5 Great Core Exercises to Build Strength and Reduce Back Pain
By Scott A. Jansen
It’s critical to have core strength if you want longevity and reduction of the potential chance of a back injury. There’s a right way and wrong way to accomplish this goal. However, not all core exercises are created equal. That’s why I created this list of 5 exercises to help you get stronger and healthier.
Throughout my career, I’ve worked with countless clients that have back pain either from a previous injury or weakness and muscular imbalance. I get asked by clients weekly how to get a “6 pack” or “Washboard Abs” and constantly see that phrase in magazines and social media articles. Unfortunately, your Rectus Abdominus or “6 Pack” isn’t the only muscle in your core and can be trained improperly. Don’t overly conduct crunch type movements drawing your Rectus Abdominus into flexion which leaves your back imbalanced. Try these movements instead as they work your whole core in functional movement patterns and will build strength.
The Palloff Press trains your core to resist rotation. Anti-rotation is critical for the stability of the Obliques, Transverse Abdominus, Rectus Abdominus and lumbar spine.
- Stand with your feet wider than hip width and position your body perpendicular to a cable machine.
- Grasp the cable handle with both hands directly in front of your chest.
- Keeping your belly button pulled tight toward your spine, extend your arms in front of your chest.
- Bring your hands back to your chest to return to the starting position
2. Alternating Hand Release Plank
The Plank is the standard in core strengthening. This version adds difficulty by alternating hands and requiring more stability from your core.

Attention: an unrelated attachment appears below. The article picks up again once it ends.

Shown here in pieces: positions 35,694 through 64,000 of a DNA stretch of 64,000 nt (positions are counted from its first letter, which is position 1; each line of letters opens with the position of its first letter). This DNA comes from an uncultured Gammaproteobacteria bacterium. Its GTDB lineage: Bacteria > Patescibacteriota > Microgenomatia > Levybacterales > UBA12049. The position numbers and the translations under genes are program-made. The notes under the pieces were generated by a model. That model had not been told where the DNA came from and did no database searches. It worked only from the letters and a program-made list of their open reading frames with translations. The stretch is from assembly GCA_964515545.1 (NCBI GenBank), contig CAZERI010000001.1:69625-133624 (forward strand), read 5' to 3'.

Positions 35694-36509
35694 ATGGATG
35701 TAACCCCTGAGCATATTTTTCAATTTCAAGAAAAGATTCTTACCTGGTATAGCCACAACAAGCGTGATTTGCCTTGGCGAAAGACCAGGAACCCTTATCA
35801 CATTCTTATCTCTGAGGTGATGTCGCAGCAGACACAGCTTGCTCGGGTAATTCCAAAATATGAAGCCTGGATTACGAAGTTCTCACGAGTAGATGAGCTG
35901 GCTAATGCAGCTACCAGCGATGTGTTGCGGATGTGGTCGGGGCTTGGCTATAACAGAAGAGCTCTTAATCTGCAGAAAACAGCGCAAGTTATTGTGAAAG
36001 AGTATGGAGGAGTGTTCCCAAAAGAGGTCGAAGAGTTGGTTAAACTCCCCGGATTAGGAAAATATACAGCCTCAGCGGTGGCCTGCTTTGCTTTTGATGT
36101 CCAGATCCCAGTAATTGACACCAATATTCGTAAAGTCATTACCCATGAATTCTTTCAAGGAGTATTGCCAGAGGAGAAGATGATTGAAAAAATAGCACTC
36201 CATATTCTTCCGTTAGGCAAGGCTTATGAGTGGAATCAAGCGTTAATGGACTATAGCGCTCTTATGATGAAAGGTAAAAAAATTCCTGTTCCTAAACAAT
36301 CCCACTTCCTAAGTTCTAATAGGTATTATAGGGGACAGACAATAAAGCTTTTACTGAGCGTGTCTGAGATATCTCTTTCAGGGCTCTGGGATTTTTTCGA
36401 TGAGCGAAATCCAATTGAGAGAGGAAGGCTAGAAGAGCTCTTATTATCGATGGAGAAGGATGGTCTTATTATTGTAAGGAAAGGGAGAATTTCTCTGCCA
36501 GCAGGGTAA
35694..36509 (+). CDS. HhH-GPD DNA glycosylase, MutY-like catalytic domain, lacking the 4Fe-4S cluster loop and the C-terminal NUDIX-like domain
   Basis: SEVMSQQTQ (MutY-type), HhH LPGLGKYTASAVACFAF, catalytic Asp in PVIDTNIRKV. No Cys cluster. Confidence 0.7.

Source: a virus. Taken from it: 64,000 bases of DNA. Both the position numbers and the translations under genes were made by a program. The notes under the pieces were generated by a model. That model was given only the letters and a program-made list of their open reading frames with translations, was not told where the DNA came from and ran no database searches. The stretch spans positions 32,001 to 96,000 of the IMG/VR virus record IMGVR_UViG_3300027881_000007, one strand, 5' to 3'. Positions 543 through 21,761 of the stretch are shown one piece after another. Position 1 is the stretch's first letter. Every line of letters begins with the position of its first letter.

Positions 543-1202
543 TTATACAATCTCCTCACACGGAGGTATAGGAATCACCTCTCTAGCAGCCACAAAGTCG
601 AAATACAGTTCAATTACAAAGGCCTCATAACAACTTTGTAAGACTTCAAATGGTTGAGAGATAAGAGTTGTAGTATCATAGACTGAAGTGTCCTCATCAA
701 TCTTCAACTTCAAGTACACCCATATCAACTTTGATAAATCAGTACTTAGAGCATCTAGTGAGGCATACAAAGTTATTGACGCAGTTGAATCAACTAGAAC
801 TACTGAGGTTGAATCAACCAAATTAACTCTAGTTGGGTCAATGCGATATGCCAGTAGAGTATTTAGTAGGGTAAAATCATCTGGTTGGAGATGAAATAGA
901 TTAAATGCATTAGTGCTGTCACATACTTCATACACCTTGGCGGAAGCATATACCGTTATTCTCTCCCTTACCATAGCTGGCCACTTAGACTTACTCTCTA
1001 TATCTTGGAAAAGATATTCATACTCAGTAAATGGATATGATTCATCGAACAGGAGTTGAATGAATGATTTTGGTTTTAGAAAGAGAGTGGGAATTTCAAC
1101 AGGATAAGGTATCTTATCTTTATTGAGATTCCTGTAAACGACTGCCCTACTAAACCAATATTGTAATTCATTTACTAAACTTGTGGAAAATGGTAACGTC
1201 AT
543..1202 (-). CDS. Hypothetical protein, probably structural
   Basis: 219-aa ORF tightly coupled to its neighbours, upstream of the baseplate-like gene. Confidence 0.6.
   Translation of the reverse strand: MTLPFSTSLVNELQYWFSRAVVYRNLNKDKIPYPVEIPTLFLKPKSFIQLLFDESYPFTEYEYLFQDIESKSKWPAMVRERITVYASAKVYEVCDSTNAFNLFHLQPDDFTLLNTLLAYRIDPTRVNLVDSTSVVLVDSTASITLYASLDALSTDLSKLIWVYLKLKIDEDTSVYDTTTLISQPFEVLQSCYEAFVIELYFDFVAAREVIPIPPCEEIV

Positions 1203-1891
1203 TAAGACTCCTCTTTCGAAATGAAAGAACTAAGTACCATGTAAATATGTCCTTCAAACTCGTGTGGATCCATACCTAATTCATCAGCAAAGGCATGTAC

- Assume a standard Plank position with your elbows under your shoulders, chin tucked and back straight.
- Release one hand either out in front or reach and tap the opposing shoulder or elbow, then alternate hands
Hanging Leg Raises requires your core to stabilize your body while improving grip strength and increased shoulder mobility.
- Hold onto a bar as if performing a Pull-Up with your arms and legs straight.
- Keeping your core tight, bring your legs up until they’re parallel to the ground.
- Slowly lower your legs to the starting position.
- Do your best to avoid rocking back and forth.
- You can bend your knees instead of raising legs straight out to modify to start.
This combines a Plank and Side Plank, forcing your core muscles to brace during changing positions, making it challenging for both your abs and obliques.
- Lie on your side with your bottom elbow on the ground underneath your shoulder and your forearm perpendicular to your body.
- Position your feet on top of each other or stagger them. Raise your top arm vertically to form a “T” with your upper body.
- Drive your hips up to form a straight line with your body from head to toe. Tighten your abs, glutes, and quads.
- Keeping your core tight, rotate your torso and place your opposite elbow on the ground to assume a Side Plank position on your opposite side.
- Continue slowly rolling side to side.
Farmers Walks are great movements for several reasons, but foremost core development. A unilateral load makes your core stabilize the torso and upper body while being pulled to one side.
- Hold a heavy kettlebell or dumbbell with one hand.
- Keep your core tight and back flat. Avoid arching through your lower back.
- Walk slowly for a specified distance or duration. Switch sides as you return to the starting point.
Core strengthening exercises should be included in each workout focusing on a complete integrated health. Implement these 5 movements today. Reach out to a trainer on staff or me personally to help you learn good form for these exercises.
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Stay Healthy and Active,
Scott A. Jansen
Magnuson Athletic Club/ Fitness Manager